So you have a static site in Jekyll that you want to deploy to Heroku. Lucky for you, this is a relatively easy task and does not require anything as complex as a deployment server as mentioned in the Jekyll docs. You can support this with a simple Rack script.
For those not familiar, Rack is a bare-bones web-server adapter in Ruby. Most Ruby web-frameworks sit on “top” of Rack while the Ruby web-servers sit “underneath” of it. However, we don’t need all the complexities of a web-framework to serve our static content, so we only need Rack and any Rack-compatible web-server to accomplish our goals.
The bare minimum that you’ll need are
- Jekyll site to publish
- Your favoriate text editor
- Heroku account to push to
- Ruby (recent version)
- Bundler (gem)
There are a lot of ways to install Ruby so I’ll leave this to you. I will say that I prefer rbenv for its ease of use. Once you have Ruby set up, you can install Bundler via
The first thing we need to declare is all of our runtime requirements for our Rack
script that we’ll write later. Put this in a file called
This file is rather simple, we’re stating the source of our gems (the official repo),
the Ruby version (
2.2.0) and a couple of gems. The
rack-contrib gem will pull in
some stuff for static-asset serving (as well as
rack itself) and
our Rack-compatible web-server.
Once we have our
Gemfile we need to create a
lock file. This will be used
to “lock in” specific versions of gems so that what we try out locally should be
exactly the same when we deploy it to Heroku. We can create this with
You should now have a
Gemfile.lock in your directory. Do not edit this file.
Now that we have the required gems installed, we can get down to writing our Rack
file that will serve our static assets. Create a file
config.ru with the
Let’s break this file into the important parts. The first thing we do is import the required gems. This is self explanatory. Next we see
This bit of code will enable compression on any content that is served. This will speed up your page load time, especially for those with slower internet connections. The next section is the real meat of our Rack file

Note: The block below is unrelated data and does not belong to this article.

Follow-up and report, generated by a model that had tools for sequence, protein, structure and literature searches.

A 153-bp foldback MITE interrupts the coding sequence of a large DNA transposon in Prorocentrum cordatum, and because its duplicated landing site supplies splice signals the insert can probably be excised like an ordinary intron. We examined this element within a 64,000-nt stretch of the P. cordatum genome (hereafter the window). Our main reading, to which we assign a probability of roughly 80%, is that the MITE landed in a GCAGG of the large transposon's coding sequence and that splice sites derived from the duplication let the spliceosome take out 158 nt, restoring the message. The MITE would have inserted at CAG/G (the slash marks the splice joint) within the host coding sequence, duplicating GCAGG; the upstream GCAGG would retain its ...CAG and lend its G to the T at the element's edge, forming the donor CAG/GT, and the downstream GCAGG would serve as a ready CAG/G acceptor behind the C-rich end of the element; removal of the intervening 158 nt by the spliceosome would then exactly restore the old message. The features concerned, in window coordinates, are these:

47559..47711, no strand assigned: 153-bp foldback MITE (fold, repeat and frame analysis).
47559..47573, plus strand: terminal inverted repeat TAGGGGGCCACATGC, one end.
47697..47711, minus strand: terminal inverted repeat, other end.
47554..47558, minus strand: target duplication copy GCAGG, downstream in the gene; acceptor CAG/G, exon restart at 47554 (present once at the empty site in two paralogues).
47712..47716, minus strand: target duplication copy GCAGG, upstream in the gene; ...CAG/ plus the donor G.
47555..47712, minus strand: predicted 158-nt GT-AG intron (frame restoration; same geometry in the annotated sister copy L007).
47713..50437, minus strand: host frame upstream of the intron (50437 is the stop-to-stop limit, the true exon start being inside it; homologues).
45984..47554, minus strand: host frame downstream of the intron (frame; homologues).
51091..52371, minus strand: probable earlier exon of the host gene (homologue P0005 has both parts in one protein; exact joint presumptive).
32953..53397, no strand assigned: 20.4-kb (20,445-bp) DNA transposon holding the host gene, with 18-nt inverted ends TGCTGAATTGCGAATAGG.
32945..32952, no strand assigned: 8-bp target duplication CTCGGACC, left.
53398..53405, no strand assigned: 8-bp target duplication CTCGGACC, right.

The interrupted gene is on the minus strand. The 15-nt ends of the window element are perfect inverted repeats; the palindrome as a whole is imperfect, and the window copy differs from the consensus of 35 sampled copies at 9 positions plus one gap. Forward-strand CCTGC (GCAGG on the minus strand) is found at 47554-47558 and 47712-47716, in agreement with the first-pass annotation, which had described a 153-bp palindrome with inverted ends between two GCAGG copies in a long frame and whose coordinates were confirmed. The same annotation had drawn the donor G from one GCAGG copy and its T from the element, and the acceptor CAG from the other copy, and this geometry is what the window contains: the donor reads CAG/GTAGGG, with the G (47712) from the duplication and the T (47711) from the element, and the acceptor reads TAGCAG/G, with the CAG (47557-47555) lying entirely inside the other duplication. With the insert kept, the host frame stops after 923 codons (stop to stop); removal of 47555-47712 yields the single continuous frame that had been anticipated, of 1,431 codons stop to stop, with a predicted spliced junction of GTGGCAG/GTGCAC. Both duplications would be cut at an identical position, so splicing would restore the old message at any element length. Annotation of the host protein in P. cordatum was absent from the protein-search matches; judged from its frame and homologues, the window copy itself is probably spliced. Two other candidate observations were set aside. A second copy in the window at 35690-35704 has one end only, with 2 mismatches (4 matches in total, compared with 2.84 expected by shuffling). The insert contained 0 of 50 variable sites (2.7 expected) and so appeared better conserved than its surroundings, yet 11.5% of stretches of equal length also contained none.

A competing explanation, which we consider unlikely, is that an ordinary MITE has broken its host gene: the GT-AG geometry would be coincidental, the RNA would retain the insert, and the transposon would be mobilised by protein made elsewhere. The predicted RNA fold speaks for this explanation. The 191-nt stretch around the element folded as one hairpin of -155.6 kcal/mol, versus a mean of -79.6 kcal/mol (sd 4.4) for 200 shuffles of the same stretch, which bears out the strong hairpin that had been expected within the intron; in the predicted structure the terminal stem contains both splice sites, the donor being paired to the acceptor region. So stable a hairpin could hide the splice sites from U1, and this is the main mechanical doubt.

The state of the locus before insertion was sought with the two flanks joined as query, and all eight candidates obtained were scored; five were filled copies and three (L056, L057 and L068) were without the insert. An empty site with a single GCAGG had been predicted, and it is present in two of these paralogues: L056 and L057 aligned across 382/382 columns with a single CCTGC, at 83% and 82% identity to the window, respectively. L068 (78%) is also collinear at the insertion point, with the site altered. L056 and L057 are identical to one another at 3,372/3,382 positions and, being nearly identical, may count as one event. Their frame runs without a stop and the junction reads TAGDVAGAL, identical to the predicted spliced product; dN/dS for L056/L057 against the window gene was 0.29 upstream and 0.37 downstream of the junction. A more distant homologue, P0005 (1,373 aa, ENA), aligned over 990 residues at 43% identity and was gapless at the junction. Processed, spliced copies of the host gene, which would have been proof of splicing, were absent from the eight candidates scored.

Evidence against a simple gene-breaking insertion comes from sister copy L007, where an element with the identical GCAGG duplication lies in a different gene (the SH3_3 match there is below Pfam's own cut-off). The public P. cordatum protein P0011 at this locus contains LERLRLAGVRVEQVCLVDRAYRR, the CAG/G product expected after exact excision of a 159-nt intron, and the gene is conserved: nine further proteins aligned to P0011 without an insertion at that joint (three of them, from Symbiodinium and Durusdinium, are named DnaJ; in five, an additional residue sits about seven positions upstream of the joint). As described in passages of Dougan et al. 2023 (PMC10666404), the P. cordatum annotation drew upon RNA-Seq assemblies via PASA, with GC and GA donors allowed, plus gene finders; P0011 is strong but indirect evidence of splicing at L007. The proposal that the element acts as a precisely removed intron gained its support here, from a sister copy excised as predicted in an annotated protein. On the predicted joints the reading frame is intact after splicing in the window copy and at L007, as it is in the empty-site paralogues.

This portion defines our static asset handler. The first thing it does is set the “root” of the
content directory to
_site. This means that if a request comes to
/index.html that our static
asset handler will look in
_site is the default folder for Jekyll
auto-generated content, we should be good to go here.
url defines how we want to match requests. If we wanted to have a Jekyll site as only a
sub-section of our site, this would be useful. Since, for the purposes of this example, the Jekyll
site comprises the entire web-site we can define this as
/ to mean the “root” of the web-site.
try defines various extensions to try when receiving a request. So given what we’ve seen so
far, if the application receives a request of
/awesome-article it will check for the following
files in order
With this we can make a variety of requests and get very clean URLs without having to include the
.html extensions or without having to specify
index when visiting the root of the site (e.g.
header_rules options simply allow caching to work which we defined earlier. This
should help to significantly speed up your site, especially as visitors click from page to page as
they will avoid re-loading common resources such as CSS or JS files.
This last part is especially nifty.
This will redirect any request that we can’t understand (broken link or just bad URL) back to the homepage. You could, if you wanted to be really fancy here, provide a custom “Not Found” page. Let your imagination run wild.
If we are deploying to Heroku, we need to create a
Procfile that tells Heroku how to run our site.
We can create a simple file as
This instructs Heroku to use our
puma gem to run our web-service and some additional parameters that
Heroku requires (you can safely ignore these).
We are now ready to push to Heroku! Assuming you’ve already setup your Heroku account and have authenticated in your local repo. We can run the following bit to deploy.
Personally, I like to put all of this into a Makefile sot that I can automate this process.